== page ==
6 Best Practices for Enhancing Scientific Exchanges

by | Aug 9, 2018

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Medical Affairs professionals and Medical Science Liaisons (MSLs) have traditionally been adept at connecting with other medical experts and stakeholders through tried and true awareness of the medical landscape. Such knowledge and intuition are always valuable, but MSLs shouldn’t discount their ability to leverage technology to identify new trends and interests. And, while technology can help you achieve more valuable scientific one-on-one exchanges, it can also help you formulate and execute your medical strategies as well. Here are six best practices to help you save time and achieve greater impact.

1. Know your audience When engaging with stakeholders it’s important to ask, what’s most important to the people I am trying to reach? Being able to not only know a stakeholder’s most influential and current work but how their scientific interests have evolved is critical to any valuable scientific exchange.

2. Know the Network For valuable exchanges to take place, another consideration is the work that is happening in an expert’s professional network. Analytics now make it possible to not just quickly retrieve an author’s latest article, but to retrieve her co-author’s or colleague’s latest congress presentation as well, giving you further talking points with which to base your exchange.

3. Divide and conquer It’s likely that you’re interested in unearthing information on more than one treatment modality or therapeutic area. It is also true that you will need to approach different experts for different initiatives.  Whether that is a speaking engagement, adboard or clinical trial design, it is important to segment your experts so that you are getting the most out of everyone’s expertise.

4. Develop processes to ensure continuity in your data review What will you view, when, and how often? What will the outcomes of your review be? Scheduling and calendaring these types of activities can ensure that you’re staying on top of areas of current focus. Processes may vary by treatment and disease types, or by KOLs.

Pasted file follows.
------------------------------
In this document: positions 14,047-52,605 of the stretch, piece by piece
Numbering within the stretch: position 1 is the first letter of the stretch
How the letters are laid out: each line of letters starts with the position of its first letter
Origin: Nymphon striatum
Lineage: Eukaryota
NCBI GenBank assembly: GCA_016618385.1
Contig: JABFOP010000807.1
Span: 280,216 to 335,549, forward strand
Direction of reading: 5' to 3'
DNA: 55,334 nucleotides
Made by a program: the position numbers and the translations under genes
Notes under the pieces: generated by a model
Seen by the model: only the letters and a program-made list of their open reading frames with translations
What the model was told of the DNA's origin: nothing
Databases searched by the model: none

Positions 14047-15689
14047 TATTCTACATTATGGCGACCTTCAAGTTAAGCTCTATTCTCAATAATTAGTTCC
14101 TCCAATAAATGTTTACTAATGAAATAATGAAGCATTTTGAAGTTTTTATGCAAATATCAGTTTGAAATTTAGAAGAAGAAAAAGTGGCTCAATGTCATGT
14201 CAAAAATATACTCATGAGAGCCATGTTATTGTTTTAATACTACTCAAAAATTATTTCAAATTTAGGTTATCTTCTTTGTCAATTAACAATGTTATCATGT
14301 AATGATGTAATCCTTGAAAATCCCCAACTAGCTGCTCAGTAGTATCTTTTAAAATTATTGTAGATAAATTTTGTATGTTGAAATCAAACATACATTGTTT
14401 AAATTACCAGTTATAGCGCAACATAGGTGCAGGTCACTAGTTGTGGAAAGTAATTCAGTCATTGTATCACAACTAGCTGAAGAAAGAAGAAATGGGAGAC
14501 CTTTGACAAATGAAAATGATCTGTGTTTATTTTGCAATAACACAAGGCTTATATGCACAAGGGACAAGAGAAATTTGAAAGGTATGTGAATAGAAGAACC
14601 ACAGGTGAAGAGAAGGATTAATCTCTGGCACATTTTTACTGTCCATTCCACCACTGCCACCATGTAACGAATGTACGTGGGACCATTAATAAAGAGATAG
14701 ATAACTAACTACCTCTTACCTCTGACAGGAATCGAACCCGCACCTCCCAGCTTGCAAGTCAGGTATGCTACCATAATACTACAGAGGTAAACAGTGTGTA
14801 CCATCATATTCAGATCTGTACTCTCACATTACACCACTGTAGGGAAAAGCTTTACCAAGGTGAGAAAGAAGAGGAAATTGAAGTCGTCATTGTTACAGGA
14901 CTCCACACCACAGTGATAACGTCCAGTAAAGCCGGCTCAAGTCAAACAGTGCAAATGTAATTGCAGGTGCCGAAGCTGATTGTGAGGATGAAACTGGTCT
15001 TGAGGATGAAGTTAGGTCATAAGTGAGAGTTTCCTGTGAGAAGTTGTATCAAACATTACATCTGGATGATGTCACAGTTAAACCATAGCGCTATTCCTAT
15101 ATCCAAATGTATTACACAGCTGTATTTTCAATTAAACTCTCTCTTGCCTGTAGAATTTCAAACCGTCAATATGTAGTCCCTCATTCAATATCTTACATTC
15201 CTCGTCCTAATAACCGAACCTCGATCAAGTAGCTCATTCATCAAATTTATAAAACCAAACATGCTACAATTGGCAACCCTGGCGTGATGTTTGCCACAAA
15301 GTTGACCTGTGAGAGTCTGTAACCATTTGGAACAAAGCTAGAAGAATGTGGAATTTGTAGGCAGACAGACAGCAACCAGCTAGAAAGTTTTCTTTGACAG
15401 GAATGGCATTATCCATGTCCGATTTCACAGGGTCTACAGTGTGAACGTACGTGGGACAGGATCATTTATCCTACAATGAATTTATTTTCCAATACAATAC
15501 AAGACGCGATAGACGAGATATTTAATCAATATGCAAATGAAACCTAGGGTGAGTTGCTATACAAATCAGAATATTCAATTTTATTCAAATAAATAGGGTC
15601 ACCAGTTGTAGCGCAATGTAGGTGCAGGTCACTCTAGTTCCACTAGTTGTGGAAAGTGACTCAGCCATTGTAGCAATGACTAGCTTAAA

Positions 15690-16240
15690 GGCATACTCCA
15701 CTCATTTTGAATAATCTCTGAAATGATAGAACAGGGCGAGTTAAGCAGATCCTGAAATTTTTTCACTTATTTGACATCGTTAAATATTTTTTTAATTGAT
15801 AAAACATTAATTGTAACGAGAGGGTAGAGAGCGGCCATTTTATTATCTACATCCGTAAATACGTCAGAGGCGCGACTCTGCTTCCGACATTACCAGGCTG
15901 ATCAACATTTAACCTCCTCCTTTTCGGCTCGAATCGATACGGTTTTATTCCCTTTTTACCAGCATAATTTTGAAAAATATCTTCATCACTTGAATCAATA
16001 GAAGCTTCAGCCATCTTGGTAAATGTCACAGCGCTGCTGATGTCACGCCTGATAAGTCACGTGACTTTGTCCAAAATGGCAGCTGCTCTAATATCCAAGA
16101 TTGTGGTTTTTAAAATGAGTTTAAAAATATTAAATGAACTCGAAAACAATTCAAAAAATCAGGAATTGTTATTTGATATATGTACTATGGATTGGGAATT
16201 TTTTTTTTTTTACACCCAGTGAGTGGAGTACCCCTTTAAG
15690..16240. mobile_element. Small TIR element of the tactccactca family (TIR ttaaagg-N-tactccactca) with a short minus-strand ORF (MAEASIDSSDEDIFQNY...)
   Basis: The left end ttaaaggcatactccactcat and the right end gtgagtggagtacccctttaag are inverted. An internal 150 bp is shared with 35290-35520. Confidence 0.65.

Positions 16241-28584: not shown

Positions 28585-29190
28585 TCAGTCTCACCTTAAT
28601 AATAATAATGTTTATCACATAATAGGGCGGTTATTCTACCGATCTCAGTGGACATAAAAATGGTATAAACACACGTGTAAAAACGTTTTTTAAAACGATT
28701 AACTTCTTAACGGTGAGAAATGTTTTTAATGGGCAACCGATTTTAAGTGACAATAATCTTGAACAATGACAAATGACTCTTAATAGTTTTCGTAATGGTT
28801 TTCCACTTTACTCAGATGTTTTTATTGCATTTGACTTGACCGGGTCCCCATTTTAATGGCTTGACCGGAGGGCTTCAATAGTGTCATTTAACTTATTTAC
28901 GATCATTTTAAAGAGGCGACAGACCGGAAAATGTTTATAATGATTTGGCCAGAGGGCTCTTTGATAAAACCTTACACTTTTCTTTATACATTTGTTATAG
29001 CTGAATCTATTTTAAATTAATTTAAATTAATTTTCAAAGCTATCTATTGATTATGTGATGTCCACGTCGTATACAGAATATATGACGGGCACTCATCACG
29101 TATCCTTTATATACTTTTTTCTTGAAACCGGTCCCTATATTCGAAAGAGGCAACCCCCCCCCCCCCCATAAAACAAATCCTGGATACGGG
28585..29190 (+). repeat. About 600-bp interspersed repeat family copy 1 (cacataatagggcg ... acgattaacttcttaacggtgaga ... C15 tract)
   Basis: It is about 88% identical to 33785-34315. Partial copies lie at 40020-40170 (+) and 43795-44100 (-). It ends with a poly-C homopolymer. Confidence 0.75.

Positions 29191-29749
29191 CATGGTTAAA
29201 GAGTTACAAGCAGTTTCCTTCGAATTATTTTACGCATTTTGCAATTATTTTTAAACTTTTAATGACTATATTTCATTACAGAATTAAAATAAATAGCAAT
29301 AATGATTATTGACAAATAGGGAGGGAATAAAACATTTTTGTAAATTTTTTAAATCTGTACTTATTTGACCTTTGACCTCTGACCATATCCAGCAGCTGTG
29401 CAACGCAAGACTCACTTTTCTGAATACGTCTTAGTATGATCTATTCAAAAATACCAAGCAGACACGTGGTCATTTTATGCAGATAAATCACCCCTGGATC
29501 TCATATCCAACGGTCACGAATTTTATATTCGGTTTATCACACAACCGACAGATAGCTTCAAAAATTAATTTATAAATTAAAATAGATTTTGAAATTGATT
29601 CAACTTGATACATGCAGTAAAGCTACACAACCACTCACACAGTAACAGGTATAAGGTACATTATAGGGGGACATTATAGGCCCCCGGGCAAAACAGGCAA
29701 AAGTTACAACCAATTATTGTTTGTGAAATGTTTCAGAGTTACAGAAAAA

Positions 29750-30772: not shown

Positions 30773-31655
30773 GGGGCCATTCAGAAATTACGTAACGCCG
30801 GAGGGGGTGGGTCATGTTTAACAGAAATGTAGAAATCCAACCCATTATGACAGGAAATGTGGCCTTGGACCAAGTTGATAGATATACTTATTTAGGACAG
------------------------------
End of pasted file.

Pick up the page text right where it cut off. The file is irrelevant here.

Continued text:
5. Create feedback loops It’s not enough to simply disseminate information. Having conversations around that information and gathering feedback from KOLs and others, can help identify potential process improvements, gaps, and areas of new interest.

6. Look toward the future While you want to be sure to be laser-focused on top-of-mind issues affecting experts today, you also need to have an eye toward emerging issues likely to impact them down the road. The technology you choose should be adaptable as scientific interest shifts, allowing you the opportunity to shift your engagement strategies along with it.

Technology can provide trusted data and enhance your productivity with analytics, but the work doesn’t stop there. Communication becomes key to ensuring that the relevant insights behind that data are conveyed to the right people in ways that will resonate. MSLs play an important role as connectors between their organizations and the communities they serve—healthcare providers and ultimately, patients.

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